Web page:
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A software audit conducted for the Black Duck 2017 Open Source Security and Risk Analysis (OSSRA) has found that financial applications had an average of 52 open source vulnerabilities.
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Black Duck’s Centre for Open Source Research and Innovation (COSRI) analysed 1,071 applications that were audited during 2016.
The audit reported that 96% of applications across all industry sectors contained open source and a large proportion were vulnerable to open source security issues.
Overall, 60% of the applications audited contained high-risk vulnerabilities. The retail and e-commerce industry had the highest proportion of applications with high-risk open source vulnerabilities, with 83% of audited applications containing high-risk vulnerabilities.
Chris Fearon, director at Black Duck’s Open Source Security Research Group, COSRI’s security research arm, said: “The results of the COSRI analysis clearly demonstrate that organisations in every industry have a long way to go before they are effective at managing their open source.”
Black Duck said every version of Linux, PHP, Ruby on Rails and MS.Net contained high-risk vulnerabilities.
A recent presentation at the Cloud Native Computing Forum, which weighed up whether open source was more or less secure than commercial software, highlighted a number of common vulnerabilities. Heartbleed, for instance, was caused by a buffer overflow in the OpenSSL code. Shellshock was a security flaw in Linux’s Bash (Bourne Again Shell) scripting language. This particular flaw was present in the original code used by Linus Torvalds, Linux’s creator, in 1991, which raised the question of why it had not been discovered and patched earlier.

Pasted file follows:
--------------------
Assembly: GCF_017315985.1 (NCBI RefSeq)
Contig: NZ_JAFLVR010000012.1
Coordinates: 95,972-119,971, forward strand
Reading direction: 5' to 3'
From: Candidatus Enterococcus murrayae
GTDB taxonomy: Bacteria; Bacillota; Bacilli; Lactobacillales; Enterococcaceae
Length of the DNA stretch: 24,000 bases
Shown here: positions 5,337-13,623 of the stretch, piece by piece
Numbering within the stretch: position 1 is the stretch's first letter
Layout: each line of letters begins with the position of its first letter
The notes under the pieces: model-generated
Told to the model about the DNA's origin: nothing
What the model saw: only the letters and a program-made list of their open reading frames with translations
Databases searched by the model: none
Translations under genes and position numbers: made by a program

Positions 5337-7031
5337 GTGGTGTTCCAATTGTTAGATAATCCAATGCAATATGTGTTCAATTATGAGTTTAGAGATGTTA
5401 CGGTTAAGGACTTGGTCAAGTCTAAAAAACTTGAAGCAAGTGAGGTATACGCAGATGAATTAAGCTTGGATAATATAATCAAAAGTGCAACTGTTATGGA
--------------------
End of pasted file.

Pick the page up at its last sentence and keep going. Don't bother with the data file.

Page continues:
Unlike commercial software, where updates are automatically “pushed” to users, open source has a “pull” support model. This means users are responsible for keeping track of vulnerabilities as well as fixes and updates for the open source they use.
Black Duck CEO Lou Shipley said: “Exploits of open source vulnerabilities are the biggest application security risk that most companies have.”
Open source licence conflicts were also found to be widespread in the audited applications. More than 85% of the analysed applications contained open source components with licence challenges, said Black Duck.
Most open source components are governed by one of about 2,500 known open source licences, and the licence obligations can be tracked and managed if the components themselves are identified, it said.
But Black Duck found that 53% of the applications scanned had unknown licences, which meant no one had permission from the software’s creator to modify or share the code.
Components with no identifiable licence terms are problematic. If software does not have a licence, it generally means that no one has permission from the creator(s) of the software to use, modify, or share it. Creative work, including code, is under exclusive copyright by default, said Black Duck.